Saturday, March 1, 2008

Lucky Cat

My husband grew up in a tribe of women. Well before she turned 30, his mother had lost both her husband and her father to cancer. She moved back into her childhood home and together with her mother and several of her aunts (and, to be fair, some uncles too) she reared Jeff and his older brother.

One of the aunts was Evelyn, usually called Auntie (for Aunt E.). While her identical twin sister had married and moved 50 miles away, Auntie never left home. She cared for her father until he died and then she helped take care of everyone else—nieces, nephews, great-nieces, great-nephews. She worked at the elementary school for years so everyone in town got to know her. She was goofy and silly and high-strung and laughed easily. She could always be counted on to rile up little kids (usually right before bedtime). She was Jeff’s mom’s confidante and best friend.
Long after Jeff grew up and moved away Auntie found two homeless kittens. She kept one and gave the other one to her sister. She called hers “Lucky” because she felt the cat was lucky to be alive, and that they were lucky to have found each other. With no more small children in her everyday life she poured all her affections into that cat. She spoiled it, but not rotten. It was still a sweet cat.

One day after only a few years, the cat disappeared—probably hit by a car or snatched by a larger animal. Auntie, though, believed someone had stolen him and taken him home. I don’t think she could bear the thought that he’d suffered, or that he was dead.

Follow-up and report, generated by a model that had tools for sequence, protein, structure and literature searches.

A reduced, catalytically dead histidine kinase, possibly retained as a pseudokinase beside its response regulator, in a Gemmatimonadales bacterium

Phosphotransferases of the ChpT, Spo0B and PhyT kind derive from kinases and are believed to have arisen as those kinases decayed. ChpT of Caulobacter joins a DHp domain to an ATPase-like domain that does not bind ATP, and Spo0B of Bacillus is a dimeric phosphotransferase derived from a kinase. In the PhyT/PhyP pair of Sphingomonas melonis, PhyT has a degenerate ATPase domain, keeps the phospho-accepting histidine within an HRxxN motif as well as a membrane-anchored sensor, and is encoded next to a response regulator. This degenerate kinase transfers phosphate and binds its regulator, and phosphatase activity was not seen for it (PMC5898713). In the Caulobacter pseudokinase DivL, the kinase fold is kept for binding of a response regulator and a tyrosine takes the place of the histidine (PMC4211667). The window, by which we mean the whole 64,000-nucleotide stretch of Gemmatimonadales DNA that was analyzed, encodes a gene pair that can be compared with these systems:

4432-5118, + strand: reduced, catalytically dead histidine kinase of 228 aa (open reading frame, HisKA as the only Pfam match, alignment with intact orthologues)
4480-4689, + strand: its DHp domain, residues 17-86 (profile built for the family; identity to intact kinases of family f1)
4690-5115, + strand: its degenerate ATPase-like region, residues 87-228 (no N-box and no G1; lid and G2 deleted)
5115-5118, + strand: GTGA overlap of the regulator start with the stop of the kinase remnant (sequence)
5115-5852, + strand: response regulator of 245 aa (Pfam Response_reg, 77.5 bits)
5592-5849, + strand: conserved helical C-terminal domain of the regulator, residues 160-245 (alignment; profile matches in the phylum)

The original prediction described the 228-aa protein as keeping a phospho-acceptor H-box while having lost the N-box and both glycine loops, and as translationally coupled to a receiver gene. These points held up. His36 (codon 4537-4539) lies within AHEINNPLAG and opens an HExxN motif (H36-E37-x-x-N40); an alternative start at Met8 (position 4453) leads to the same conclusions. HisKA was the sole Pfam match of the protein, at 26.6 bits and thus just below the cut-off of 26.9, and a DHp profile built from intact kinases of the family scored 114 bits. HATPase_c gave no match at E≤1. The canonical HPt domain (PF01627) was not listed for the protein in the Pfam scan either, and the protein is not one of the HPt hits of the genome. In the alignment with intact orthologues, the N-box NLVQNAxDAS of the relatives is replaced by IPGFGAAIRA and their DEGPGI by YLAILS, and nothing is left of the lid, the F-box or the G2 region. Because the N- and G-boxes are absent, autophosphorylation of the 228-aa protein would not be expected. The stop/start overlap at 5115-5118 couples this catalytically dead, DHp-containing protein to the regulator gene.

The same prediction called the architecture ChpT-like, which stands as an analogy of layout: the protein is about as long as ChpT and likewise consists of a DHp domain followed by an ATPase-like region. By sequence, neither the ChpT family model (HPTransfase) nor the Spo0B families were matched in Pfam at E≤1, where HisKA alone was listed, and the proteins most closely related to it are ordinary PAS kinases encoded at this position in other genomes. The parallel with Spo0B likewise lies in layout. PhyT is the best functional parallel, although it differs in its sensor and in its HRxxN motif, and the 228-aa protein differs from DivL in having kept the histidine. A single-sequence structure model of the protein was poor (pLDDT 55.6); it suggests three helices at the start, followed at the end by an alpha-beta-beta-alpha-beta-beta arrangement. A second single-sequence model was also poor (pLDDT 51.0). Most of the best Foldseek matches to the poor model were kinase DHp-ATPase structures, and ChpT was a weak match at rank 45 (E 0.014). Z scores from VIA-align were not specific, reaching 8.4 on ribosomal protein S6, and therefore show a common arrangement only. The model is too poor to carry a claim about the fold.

Not long after that Auntie herself fell ill. She’d refused to see a doctor for many years—we learned later that she had a huge sore on her leg that had been there for ages; she was afraid of being told it was cancerous. But dizziness and fainting spells finally forced her to seek attention. It was August. Three months later, on the day after Thanksgiving, she died of brain cancer.

Was she lucky? No; she suffered a great deal in those few months following her diagnosis. She missed knowing her great-great-nieces and -nephews, and her twin has never recovered from her death.

But she’d known a lot of love and affection in her life. She’d been the most important person in her sister’s life, and then her father’s, and then even Lucky’s. And that? Was a piece of luck she’d made herself.


Cathy is visiting today as part of the Blog Exchange. She’s lucky enough to live in a wholesome little town in the Midwest with her husband, kids, and dog. She writes (usually more frivolously) at Mayberry Mom, where you can find Heather today – please stop by!

Find links to the rest of the lucky stories at the Blog Exchange.

4 people like me!:

chelle said...

wow. she sounds like a fantastic woman!

Anonymous said...

That's an interesting story- a sore on a leg to brain cancer. She had still so much more love to give, huh?

My 87 year old grandmother has never had a mammogram. If she has breast cancer, she told her doctor she doesn't want to know. She has a lot to live for, too.

Heather said...

It's wonderful to be around people like that...who make their own luck by enriching other people's (or animals') lives.

Alex Elliot said...

She sounds like she was a great person, the type that everyone wishes they had in their family.

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